We arrived into Boston on a Sunday afternoon and tied up at Constitution Marina. We were right beside the Charlestown Bridge and had the most amazing views of the Boston skyline.
We were getting ourselves organized when there was a knock on the boat, and we found a fellow kiwi welcoming us to Boston. Colin has been an expat for many years, and lives on board his 36ft Tartan, Antipodean, at the marina. We invited him on board for a beer and he suggested where we could go to watch the Patriots game that evening.
We then got a text from our friend Mark from Delaware, saying he saw we had arrived in Boston and he and Meghan were also in town visiting their son. They suggested joining us at the sports bar as well.
So we spent a fun evening watching big screens showing the Patriots game, and the Boston Red Sox playing in baseball’s ‘world series’ as well. Colin joined us and so did Mark and Meghan, in one of those totally random coincidences. It was lovely to see them again, particularly as we are unsure whether our travels will take us back to the Delaware coast.
Boston is one of the oldest cities in America, and it is steeped in history. Many significant American historic events occurred in Boston such as The Boston Tea Party, which lead to the Revolutionary War. Many of the streets are paved with cobble stones, most of the buildings are made of brick. The architecture is fascinating.
Boston also is famous for higher education, and is home of world renowned, Harvard University, and MIT. There is a very high concentration of medical research facilities, with lots of biotech businesses based here (hence our new friend Colin).
We were in Boston for two reasons, firstly I have never been there, and really wanted to see it. Secondly, Ted has a very old friend from his Caribbean charter days who lives in Scituate, about 20 miles south of Boston. Ted contacted Tom, who suggested he would drive into the city on Tuesday to spend the day with us. So Monday we cleaned Southern Star and made her presentable. We took a walk around the local area, passing by the USS Constitution, berthed nearby, and toured the destroyer USS Cassin Young. It was cold and windy, and was predicted to stay like that all week.
Tom arrived Tuesday morning and it was lovely to listen to him and Ted sharing stories and memories. He and his wife Rosemary had been very good to Ted when he spent time working in Boston with Sealegs, even taking him away for weekends on their boat around some of the New England coastline.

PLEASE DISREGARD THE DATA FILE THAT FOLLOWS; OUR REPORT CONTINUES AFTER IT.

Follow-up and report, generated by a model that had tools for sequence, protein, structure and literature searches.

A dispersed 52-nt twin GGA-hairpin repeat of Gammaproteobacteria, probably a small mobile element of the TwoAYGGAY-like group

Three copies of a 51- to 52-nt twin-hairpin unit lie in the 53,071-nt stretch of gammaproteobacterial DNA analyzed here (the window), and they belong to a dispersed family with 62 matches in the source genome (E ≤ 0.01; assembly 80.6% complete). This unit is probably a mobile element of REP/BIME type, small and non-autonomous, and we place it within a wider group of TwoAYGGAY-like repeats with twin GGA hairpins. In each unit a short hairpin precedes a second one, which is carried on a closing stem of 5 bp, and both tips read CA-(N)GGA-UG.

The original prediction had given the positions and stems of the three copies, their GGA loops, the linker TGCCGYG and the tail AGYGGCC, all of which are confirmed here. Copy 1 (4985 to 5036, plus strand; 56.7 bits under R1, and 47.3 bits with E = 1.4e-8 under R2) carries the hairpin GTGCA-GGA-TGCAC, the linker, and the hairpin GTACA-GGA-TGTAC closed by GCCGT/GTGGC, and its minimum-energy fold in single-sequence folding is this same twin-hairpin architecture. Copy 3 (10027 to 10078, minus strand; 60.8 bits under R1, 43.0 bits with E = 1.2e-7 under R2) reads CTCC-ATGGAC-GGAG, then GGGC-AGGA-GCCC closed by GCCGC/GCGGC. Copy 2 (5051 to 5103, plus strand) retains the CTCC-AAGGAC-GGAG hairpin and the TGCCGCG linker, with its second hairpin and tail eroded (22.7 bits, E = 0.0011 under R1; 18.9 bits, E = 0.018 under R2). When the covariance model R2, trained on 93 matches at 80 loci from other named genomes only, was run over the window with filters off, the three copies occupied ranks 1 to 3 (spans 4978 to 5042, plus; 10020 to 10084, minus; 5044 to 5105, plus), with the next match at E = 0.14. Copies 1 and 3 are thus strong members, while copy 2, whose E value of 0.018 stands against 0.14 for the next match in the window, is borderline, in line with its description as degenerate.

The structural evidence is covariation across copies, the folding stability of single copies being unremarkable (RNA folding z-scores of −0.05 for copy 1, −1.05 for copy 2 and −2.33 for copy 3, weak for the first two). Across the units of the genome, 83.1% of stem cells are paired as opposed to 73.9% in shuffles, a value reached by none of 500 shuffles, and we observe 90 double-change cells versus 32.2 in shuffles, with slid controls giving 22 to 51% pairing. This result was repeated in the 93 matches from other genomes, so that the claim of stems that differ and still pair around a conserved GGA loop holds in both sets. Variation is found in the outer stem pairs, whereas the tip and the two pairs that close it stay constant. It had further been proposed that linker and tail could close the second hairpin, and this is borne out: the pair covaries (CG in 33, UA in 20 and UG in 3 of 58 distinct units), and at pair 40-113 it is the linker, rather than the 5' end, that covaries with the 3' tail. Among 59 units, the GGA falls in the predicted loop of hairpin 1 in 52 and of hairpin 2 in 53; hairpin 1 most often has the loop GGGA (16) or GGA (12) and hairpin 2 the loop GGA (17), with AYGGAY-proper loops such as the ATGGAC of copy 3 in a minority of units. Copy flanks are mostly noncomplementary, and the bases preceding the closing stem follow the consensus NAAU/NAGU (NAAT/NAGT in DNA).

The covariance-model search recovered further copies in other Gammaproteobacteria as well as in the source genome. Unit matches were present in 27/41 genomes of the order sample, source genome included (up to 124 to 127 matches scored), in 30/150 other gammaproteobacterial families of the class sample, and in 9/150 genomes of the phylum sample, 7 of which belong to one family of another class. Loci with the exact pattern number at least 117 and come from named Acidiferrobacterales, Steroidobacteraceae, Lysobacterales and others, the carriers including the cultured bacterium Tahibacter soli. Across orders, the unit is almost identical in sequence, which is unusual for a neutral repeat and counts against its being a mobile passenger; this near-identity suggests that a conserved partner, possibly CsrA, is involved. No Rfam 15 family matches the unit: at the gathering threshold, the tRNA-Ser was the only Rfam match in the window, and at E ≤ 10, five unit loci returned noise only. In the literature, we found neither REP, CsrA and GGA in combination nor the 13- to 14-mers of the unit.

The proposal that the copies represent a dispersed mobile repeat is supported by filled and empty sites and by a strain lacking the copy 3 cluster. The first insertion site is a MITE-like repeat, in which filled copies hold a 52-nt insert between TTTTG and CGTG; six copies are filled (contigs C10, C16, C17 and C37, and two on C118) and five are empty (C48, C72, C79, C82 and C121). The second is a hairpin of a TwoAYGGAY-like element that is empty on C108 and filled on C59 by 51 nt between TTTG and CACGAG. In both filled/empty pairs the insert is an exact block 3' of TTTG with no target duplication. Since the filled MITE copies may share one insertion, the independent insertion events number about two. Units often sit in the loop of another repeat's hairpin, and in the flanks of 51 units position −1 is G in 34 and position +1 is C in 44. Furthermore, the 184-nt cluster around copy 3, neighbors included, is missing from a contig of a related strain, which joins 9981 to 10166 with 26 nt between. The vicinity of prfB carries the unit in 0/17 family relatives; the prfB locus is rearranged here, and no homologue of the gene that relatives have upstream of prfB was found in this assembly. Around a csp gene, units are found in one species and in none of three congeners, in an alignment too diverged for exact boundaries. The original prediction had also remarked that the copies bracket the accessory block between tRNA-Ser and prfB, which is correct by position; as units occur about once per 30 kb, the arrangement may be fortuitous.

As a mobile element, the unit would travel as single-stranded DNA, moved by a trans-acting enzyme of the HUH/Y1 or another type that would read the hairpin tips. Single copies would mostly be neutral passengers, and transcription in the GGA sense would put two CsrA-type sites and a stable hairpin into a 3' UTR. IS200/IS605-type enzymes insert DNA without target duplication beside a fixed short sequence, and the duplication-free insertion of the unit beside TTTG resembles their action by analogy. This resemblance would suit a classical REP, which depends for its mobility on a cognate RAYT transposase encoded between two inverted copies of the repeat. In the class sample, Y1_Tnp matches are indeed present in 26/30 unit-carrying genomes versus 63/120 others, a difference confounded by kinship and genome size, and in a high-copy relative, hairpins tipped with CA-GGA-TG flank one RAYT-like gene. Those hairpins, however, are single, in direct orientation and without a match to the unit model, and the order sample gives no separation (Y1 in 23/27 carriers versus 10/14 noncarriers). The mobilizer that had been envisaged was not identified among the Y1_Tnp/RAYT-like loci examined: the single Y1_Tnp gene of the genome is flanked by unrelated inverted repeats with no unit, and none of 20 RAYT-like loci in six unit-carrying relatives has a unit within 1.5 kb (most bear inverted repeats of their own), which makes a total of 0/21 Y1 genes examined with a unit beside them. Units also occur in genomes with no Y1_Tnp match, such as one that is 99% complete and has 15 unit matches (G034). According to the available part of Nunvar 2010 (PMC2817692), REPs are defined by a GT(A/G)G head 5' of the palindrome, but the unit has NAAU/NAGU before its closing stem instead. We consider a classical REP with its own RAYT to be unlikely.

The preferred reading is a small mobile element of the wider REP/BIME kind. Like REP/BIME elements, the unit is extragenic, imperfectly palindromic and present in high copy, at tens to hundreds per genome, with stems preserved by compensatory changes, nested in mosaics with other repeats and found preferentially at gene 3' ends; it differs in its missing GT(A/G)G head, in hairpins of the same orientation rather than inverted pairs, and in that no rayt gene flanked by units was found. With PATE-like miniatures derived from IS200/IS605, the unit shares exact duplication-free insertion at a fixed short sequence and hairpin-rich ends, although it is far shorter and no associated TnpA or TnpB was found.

Wednesday was a better day weather-wise, and we walked across the bridge and spent the day wandering around the city. I loved the old buildings converted into apartments which lined the waterfront, and which reminded me a lot of the area where I lived in London. In fact, much of Boston brought back memories of London, with its blend of old and new architecture, well designed open spaces for city dwellers and office workers, and the central market area which made me feel like I was back in Covent Garden.
Michelle on Roam had recommended a restaurant in Chinatown, which we happened upon by chance, and which was definitely worth the visit. If you like great Asian food, then visit Q restaurant in Boston. By the time we walked back to the boat we had walked 7 miles.
Thursday we decided to take the subway out to Harvard. It was very cold again, with a strong wind, but we walked along the river and up to the subway station and rode the train out to the campus. What an amazing area, with the old buildings and gorgeous grounds. I was surprised that we were able to just wander through the campus. It must be an incredible experience to actually be a student there.
We spent several days walking Boston, averaging over 6 miles per day. The city is really a great one to do on foot. We found an online deal on admission to the Dreamland Wax Museum, and were able to get photos of Jenny with Tom Brady.
We had an authentic Italian pizza in Little Italy. The city is just such a neat place to visit. It is so pretty with the old buildings, and the skyline was amazing from the back deck of our boat in Constitution Marina.
Boston for me is a really interesting place to walk. It has more history than I being from California, am used to experiencing. But Boston is more about seeing my ole mate Thomas Gavin, from our Virgin Islands days –of 1982. Tom and I both operated charter boats with our first wives, Jane. Yes Tom was married to Jane and I was also married to a Jane, not the same one. So we were a pretty funny couple of couples – Tom and Jane, Ted and Jane.
We spent lots of good times together living the trials and joys of running luxury charter boats in the 80’s in the amazing Virgin Islands. Tom has always been a very funny person, full of stories, and always with a good joke. I love to spend time with him, and love his new wife, Rosemary.
Tom and Rosemary were also very excited to meet Jenny. We had a great time with both of them. As Jenny mentioned Tom came up to Boston one day upon our first arrival and we walked around the Navy Shipyard and the USS Constitution.
We talked Tom into joining us when we moved Southern Star from Boston to Scituate, located about 20 miles south. We had a great afternoon, with nice sunny weather and docked in Scituate Harbour in a very quaint marina.
We spent the night with Tom and Rosemary, had a nice dinner at the Scituate water front. The next day we watched the New England Patriots football game with them. Ironically, Tom is not a football fan, and Rosemary is. She was delighted to watch football with others who enjoyed the game.
We went back to the boat Sunday evening, and readied for an early departure from Scituate South.
We timed the departure to have the current going in our direction through the Cape Cod Canal, where we got up to 11 knots. We stopped at a quiet little anchorage just out of Wood’s Hole, and left the next morning early to anchor in Salt Pond Bay in Block Island, Rhode Island.